Link and learn.png

 

Look forward as well as looking historically

It is a given that the ultimate aim of providing people with information regarding their data quality is for them to retrospectively correct the errors and as such improve the quality of your data; however from an end user point of view one of the most useful approaches you can take is to provide information on forthcoming potential performance breaches, in addition to retrospective data quality errors. Whilst providing information on forthcoming potential breaches will not resolve any historical data quality errors, it will help your users plan for future events and as such deliver a more proactive service to your customers or service users. By having a forward view embedded into your data quality visualisations you will be encouraging users to view the report and as such increasing user engagement with data quality reports.

Forward Backwards.png

 

Celebrate success

Change people's perceptions of data by celebrating success within your visualisations; rewarding positive performance and encouraging learning across teams; a concept known as 'positive deviance'. Within my organisation we have achieved this through an initiative known as 'Fabulous Friday'; a dedicated visualisation that is incorporated into our dashboards and lists all fully compliant teams for an individual metric. On a Friday I then select one metric and share the 'Fabulous Friday' visualisation as a PDF with all of our Tableau users. This has created a user community that now associates Tableau with celebrating success and as such has helped increase engagement and ultimately support a culture where by individuals now actively want to correct data quality errors so they are included as part of the weekly celebration.

Fab Friday.png

For further information on positive deviance refer to Positive deviance - Wikipedia

 

What difference does it make?

A massive difference! The chart below shows one of the Key Performance Indicators (KPI) for my organisation. We have always been compliant in terms of performance for this KPI, however, historically we have always struggled to achieve a near 100% compliance rate, primarily due to poor data quality. Prior to Tableau, we always took the approach of 'managerial nagging' to resolve data quality issues; managers reacting to performance deterioration and asking staff to validate their performance. Within two months of implementing Tableau subscriptions for individual staff, performance improved to 99% and this high level of compliance has been sustained for the last 18 months; this was achieved with no additional managerial resource, it was achieved thanks to staff acting upon the personalised visualisations they were receiving through Tableau.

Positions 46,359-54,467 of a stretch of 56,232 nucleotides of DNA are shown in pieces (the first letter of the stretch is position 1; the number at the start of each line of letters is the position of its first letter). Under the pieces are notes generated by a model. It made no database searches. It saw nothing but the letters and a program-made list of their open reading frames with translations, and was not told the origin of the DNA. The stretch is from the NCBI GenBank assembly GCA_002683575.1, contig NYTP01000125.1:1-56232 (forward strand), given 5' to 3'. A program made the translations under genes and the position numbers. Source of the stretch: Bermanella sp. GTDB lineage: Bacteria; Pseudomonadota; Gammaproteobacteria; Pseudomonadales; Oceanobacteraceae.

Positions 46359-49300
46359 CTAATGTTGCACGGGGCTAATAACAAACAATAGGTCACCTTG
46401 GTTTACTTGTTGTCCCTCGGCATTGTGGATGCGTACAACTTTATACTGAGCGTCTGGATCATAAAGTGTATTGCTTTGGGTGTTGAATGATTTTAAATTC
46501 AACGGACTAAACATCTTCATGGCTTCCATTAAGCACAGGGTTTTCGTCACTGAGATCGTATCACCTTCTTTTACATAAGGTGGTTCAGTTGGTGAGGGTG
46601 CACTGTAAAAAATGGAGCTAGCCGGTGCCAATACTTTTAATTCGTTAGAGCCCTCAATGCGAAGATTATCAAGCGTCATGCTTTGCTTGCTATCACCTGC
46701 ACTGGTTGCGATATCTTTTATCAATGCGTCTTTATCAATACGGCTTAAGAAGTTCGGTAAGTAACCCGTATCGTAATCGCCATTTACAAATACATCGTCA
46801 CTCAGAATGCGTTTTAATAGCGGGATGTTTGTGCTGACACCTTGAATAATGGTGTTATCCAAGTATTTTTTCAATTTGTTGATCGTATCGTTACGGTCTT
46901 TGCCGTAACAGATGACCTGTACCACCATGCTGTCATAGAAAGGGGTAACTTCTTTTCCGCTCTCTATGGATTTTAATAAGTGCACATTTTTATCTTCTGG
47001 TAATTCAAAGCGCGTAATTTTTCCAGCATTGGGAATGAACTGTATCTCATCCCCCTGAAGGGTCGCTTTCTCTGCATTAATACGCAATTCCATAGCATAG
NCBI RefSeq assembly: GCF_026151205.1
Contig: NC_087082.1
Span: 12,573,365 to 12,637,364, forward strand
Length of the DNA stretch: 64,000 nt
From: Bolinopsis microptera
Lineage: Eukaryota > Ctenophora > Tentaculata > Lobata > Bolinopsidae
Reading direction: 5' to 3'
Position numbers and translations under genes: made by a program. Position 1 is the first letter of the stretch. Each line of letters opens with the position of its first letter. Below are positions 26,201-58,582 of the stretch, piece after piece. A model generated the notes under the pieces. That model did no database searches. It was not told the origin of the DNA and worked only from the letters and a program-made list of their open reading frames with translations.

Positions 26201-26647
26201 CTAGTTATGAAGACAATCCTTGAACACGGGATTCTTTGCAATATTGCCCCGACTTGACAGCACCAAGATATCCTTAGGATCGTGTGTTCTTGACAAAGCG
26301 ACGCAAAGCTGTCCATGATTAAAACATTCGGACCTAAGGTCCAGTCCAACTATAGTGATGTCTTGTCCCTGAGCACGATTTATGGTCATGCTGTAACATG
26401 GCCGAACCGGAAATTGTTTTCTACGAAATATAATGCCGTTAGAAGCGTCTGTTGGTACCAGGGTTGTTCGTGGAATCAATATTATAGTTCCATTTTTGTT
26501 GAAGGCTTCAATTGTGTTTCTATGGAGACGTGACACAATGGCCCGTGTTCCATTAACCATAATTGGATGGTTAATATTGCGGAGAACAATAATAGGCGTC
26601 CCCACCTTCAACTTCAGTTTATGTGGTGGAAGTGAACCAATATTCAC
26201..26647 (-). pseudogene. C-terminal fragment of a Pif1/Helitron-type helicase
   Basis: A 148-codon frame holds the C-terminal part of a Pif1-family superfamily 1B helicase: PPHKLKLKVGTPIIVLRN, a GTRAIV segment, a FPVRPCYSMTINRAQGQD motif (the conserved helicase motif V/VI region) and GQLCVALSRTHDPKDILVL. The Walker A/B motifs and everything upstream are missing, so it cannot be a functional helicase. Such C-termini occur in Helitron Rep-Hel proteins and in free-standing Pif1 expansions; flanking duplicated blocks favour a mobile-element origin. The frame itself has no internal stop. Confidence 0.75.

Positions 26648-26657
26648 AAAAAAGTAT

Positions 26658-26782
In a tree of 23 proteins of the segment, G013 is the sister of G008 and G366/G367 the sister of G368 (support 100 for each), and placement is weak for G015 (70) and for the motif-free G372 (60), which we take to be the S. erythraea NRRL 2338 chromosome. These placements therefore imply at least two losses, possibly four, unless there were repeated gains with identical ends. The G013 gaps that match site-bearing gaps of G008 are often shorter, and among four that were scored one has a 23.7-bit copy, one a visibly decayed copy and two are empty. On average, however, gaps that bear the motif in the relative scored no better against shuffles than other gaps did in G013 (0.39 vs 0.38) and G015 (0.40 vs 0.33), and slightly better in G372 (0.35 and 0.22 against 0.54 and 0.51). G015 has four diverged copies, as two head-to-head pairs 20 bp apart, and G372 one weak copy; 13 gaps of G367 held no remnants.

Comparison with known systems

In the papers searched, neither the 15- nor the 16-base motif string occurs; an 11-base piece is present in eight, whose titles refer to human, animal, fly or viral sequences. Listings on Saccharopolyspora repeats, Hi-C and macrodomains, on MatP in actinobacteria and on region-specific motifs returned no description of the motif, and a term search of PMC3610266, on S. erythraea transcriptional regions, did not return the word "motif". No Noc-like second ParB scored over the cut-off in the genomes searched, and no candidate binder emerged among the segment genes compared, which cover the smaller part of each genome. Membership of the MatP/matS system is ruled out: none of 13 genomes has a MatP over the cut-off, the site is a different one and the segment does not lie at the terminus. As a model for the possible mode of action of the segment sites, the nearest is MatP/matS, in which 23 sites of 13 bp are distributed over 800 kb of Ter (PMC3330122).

CPA 12 month review example.png

 

In summary

To achieve sustained improvements in data quality within your organisation do all you can to make it as easy as possible for individuals to gain direct access to timely and clear data quality reports, do all you can to allow them to act upon this data, and do all you can to celebrate when improvements are achieved. Tableau is a fantastic tool to support you to achieve all of these goals however it is only when the technology of Tableau is combined with positive culture and behaviours that the real benefits can be maximised and embedded into the DNA of your organisation.

This week I had the pleasure of listening to paul.chapman at the London TUG and he spoke about how, in a previous role, he pioneered the creation of corporate branding at EasyJet; creating style and analytical guidance for his analysts that supported the development of a common look and feel to all of the workbooks they created.